At 18, expecting someone to know what they want to do for the rest of their lives is a crime. Anyone who says, "Well, your degree won't necessarily contribute to your career choice," clearly isn't footing the bill. If my future daughter came to me explaining that she ultimately wants to be a concert pianist but would like to take her next four years and my next $60,000 to study archeology, I'd flip. While it's common knowledge that you probably won't end up on the career trajectory your academic advisor predicted for you based on your major, you still want to study something where you will gain practical, transferable skills.
I encourage the students I work with to hold off on declaring a major until they feel the time is right, but ideally by the start of sophomore year. Your first semester of your freshman year is going to be ridiculous. For most teenagers, it involves moving away from home, living on your own for the first time ever, rebuilding your entire social life from scratch, studying harder and longer than ever, and experiencing the fun of your school and while avoiding the wrath of your parents. It a crazy balancing act full of completely new things; the least you can do is stop pretending you know what you're doing.
It takes a very smart cookie to own up to not knowing. Young people rush to choose a major to fulfill a college identity, not necessarily because it's what they enjoy. The beauty of admitting that you aren't sure what to study is that people are more willing to help you. Many schools have a University Studies department full of advisors who know everything about every major the university has to offer. Instead of building such a tight relationship with an advisor in a specific field, why not start with a Jack (or Jill) of all trades who you can be honest with about your trepidations and who can help you make a final decision?
It's typical for advisors to map out the course of action for incoming freshman, so even if you have a wide variety of core requirements, there are suggested courses that your particular major feels will best supplement your overall course of study. A Finance major may be encouraged to take Ancient Greek Prose to fulfill a Liberal Arts requirement, but a West African Dance course -- though perfectly acceptable -- may not be as well-advertised. By not declaring, the school is (sorta) your oyster. Your advisor will focus more on fulfilling requirements than following paths, so as long as a course satisfies a Liberal Arts requirement, they don't care whether or not you're reading or dancing your way there. Of course, if Finance makes it mandatory for students to take Ancient Greek Prose as their liberal arts requirement, taking the dance course instead means, if you decide to be a finance major, you'll have to take their requirement later on down the line. It's not the end of the world as long as it's a one- or two-time thing; most majors leave wiggle room for missed opportunities, and summer courses are always an option.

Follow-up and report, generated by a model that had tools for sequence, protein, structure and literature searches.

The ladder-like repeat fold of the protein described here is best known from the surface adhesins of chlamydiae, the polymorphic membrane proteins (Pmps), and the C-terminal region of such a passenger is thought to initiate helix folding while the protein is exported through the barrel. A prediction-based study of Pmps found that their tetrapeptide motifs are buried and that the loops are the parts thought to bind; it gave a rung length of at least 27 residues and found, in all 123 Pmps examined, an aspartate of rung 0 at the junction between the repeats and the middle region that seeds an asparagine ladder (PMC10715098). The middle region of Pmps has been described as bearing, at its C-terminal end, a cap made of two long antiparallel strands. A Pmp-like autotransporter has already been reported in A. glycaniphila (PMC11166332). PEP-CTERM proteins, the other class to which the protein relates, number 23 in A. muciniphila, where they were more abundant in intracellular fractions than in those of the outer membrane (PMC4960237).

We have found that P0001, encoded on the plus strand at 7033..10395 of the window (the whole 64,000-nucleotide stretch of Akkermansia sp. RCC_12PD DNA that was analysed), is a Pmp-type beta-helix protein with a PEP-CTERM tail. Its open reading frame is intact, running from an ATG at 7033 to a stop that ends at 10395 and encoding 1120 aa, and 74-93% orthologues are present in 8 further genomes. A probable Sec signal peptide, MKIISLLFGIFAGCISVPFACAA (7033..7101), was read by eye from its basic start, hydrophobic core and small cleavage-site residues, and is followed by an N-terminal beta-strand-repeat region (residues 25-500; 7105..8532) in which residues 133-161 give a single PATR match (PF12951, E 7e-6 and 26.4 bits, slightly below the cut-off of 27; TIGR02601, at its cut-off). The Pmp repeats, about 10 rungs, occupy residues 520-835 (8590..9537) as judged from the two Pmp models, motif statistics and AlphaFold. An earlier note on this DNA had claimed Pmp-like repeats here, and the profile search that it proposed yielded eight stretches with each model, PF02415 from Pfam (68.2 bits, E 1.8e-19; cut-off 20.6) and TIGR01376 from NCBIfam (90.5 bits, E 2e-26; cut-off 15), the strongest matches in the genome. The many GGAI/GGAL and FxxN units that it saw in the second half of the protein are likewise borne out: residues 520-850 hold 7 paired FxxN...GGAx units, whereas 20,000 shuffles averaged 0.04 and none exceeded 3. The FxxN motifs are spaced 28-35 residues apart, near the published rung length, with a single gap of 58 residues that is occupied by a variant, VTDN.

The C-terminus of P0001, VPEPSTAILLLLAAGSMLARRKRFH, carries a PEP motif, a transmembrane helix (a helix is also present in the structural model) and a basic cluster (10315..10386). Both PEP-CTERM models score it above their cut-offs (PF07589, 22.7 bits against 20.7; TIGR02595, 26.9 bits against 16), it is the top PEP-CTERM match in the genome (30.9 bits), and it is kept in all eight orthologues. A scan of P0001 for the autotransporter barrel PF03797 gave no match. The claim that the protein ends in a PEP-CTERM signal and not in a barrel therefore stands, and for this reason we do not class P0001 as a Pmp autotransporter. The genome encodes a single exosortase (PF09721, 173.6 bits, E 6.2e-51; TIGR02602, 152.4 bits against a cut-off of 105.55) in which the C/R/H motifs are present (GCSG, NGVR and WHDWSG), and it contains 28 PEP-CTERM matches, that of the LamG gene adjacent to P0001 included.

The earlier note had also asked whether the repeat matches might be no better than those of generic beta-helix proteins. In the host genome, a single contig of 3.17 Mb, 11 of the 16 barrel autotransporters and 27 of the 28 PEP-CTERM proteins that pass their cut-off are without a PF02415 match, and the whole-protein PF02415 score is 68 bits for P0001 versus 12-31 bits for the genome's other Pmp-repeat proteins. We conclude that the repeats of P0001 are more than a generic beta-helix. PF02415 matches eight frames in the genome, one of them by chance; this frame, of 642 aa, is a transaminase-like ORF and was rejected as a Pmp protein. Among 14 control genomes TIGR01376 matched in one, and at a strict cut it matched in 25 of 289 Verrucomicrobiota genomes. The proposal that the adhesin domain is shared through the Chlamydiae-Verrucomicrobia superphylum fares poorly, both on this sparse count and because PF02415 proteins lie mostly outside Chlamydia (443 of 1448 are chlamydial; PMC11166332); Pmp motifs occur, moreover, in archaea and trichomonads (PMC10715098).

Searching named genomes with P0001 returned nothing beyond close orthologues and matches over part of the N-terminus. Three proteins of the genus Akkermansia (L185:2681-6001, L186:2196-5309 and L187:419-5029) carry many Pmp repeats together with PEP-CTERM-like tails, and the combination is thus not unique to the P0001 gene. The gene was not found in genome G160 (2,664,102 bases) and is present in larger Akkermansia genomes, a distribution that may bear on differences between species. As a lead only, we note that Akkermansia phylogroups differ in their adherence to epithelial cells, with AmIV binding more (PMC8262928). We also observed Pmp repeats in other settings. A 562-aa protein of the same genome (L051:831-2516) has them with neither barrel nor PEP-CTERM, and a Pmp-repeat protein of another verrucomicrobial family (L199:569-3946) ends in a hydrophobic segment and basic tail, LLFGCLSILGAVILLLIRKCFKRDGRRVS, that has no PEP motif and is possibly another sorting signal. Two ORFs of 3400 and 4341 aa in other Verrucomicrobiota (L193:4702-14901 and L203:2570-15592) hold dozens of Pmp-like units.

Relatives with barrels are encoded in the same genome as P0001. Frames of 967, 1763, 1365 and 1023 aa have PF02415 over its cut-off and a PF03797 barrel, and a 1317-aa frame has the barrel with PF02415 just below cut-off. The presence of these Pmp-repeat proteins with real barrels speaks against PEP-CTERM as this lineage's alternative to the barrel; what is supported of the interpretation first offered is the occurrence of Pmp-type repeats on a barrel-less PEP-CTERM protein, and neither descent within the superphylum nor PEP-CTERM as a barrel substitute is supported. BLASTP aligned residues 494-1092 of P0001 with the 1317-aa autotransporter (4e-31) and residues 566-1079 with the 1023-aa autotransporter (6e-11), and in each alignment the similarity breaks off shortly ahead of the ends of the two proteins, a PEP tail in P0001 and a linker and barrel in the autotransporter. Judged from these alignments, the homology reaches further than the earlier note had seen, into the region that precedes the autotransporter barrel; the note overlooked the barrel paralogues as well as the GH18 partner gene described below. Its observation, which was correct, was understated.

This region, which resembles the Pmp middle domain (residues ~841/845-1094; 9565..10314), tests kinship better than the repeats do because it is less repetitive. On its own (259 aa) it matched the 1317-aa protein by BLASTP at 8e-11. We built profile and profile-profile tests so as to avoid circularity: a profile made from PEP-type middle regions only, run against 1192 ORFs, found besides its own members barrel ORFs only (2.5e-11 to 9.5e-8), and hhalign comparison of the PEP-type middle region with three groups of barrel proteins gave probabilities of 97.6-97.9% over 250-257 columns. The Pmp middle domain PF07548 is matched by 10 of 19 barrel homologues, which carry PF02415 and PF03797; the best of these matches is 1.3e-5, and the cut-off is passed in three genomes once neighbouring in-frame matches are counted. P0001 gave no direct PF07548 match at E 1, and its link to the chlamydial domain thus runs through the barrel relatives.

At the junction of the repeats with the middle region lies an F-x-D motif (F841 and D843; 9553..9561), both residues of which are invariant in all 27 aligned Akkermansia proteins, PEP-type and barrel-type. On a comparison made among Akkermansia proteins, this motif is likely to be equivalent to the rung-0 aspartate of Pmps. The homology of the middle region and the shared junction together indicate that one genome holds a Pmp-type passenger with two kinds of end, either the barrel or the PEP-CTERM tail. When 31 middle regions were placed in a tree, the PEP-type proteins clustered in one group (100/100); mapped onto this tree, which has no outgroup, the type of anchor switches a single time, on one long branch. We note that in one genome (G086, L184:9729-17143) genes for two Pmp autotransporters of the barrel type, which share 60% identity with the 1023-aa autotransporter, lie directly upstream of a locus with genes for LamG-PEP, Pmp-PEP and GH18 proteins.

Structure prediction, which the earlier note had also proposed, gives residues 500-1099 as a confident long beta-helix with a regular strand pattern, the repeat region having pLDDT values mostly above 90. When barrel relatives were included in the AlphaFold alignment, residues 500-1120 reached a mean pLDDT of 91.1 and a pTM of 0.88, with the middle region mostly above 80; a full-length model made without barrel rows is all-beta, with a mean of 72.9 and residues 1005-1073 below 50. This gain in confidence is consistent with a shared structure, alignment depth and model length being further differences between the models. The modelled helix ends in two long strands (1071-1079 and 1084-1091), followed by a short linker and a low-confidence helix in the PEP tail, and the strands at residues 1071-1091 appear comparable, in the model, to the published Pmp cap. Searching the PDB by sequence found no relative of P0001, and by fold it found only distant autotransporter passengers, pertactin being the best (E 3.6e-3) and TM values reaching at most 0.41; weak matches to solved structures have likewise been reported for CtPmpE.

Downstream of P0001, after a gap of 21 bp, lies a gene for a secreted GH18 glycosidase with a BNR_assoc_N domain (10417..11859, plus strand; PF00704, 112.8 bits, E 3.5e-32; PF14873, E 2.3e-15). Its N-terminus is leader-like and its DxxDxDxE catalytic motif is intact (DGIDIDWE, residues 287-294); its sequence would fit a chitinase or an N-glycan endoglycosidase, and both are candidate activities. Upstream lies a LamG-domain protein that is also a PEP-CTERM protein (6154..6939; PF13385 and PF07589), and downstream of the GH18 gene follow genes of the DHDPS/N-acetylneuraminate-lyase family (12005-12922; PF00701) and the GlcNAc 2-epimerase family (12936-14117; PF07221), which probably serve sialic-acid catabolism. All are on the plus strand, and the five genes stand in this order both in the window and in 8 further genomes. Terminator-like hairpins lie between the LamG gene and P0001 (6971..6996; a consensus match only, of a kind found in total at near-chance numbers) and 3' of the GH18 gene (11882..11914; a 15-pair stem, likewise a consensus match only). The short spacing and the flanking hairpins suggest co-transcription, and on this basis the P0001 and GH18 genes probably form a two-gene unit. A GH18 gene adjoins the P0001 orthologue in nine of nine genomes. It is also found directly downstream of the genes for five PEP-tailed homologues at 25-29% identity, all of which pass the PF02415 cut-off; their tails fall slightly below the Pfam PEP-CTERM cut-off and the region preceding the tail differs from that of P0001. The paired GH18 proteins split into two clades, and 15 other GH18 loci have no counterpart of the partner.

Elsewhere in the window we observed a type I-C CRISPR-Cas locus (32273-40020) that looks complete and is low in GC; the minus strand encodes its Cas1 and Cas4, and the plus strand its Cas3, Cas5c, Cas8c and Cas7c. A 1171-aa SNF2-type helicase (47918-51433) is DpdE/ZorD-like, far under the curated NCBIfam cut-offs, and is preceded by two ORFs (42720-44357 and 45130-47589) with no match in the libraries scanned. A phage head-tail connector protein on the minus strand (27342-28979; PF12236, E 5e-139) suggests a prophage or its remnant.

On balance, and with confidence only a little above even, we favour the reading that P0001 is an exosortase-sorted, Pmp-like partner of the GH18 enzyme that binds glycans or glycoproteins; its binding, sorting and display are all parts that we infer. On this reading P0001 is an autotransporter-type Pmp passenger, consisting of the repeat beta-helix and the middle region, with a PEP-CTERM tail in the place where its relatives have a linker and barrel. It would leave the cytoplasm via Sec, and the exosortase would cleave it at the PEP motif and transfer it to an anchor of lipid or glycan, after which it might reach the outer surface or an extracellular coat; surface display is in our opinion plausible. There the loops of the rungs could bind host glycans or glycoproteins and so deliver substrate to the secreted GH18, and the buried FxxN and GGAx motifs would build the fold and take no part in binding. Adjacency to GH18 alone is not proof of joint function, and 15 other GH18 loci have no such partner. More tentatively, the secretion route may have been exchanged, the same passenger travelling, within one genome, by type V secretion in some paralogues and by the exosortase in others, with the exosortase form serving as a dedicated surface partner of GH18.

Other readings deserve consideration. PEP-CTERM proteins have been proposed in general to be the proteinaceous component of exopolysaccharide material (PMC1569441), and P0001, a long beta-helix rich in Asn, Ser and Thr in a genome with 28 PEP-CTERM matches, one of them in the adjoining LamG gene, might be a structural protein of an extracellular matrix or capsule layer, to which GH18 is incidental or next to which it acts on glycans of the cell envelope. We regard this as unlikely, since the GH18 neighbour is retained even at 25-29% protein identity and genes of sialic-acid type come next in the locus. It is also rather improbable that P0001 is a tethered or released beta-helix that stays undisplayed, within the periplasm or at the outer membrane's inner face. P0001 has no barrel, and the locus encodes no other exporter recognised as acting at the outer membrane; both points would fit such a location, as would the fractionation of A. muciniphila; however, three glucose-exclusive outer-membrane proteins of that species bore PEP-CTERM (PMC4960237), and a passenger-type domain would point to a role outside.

Don't worry about falling behind. Most of the courses you take freshman year are core requirements anyway, so if they don't go towards your future major, they are likely to fulfill a requirement for graduation. What you get from swimming in different ponds is a more well-rounded collage experience. Taking as many different courses as possible better prepares you for the real world. You've used college as both a time to gain valuable skills that can be applied towards future aspirations, as well as to challenge yourself to try things they wouldn't necessarily do. I believe students who enter school being honest with themselves, their parents, and their universities about not knowing leave the school with much more confidence and far less regrets than they counterparts. They experienced all there was, decided on what was right, and graduated with a degree best suited for themselves.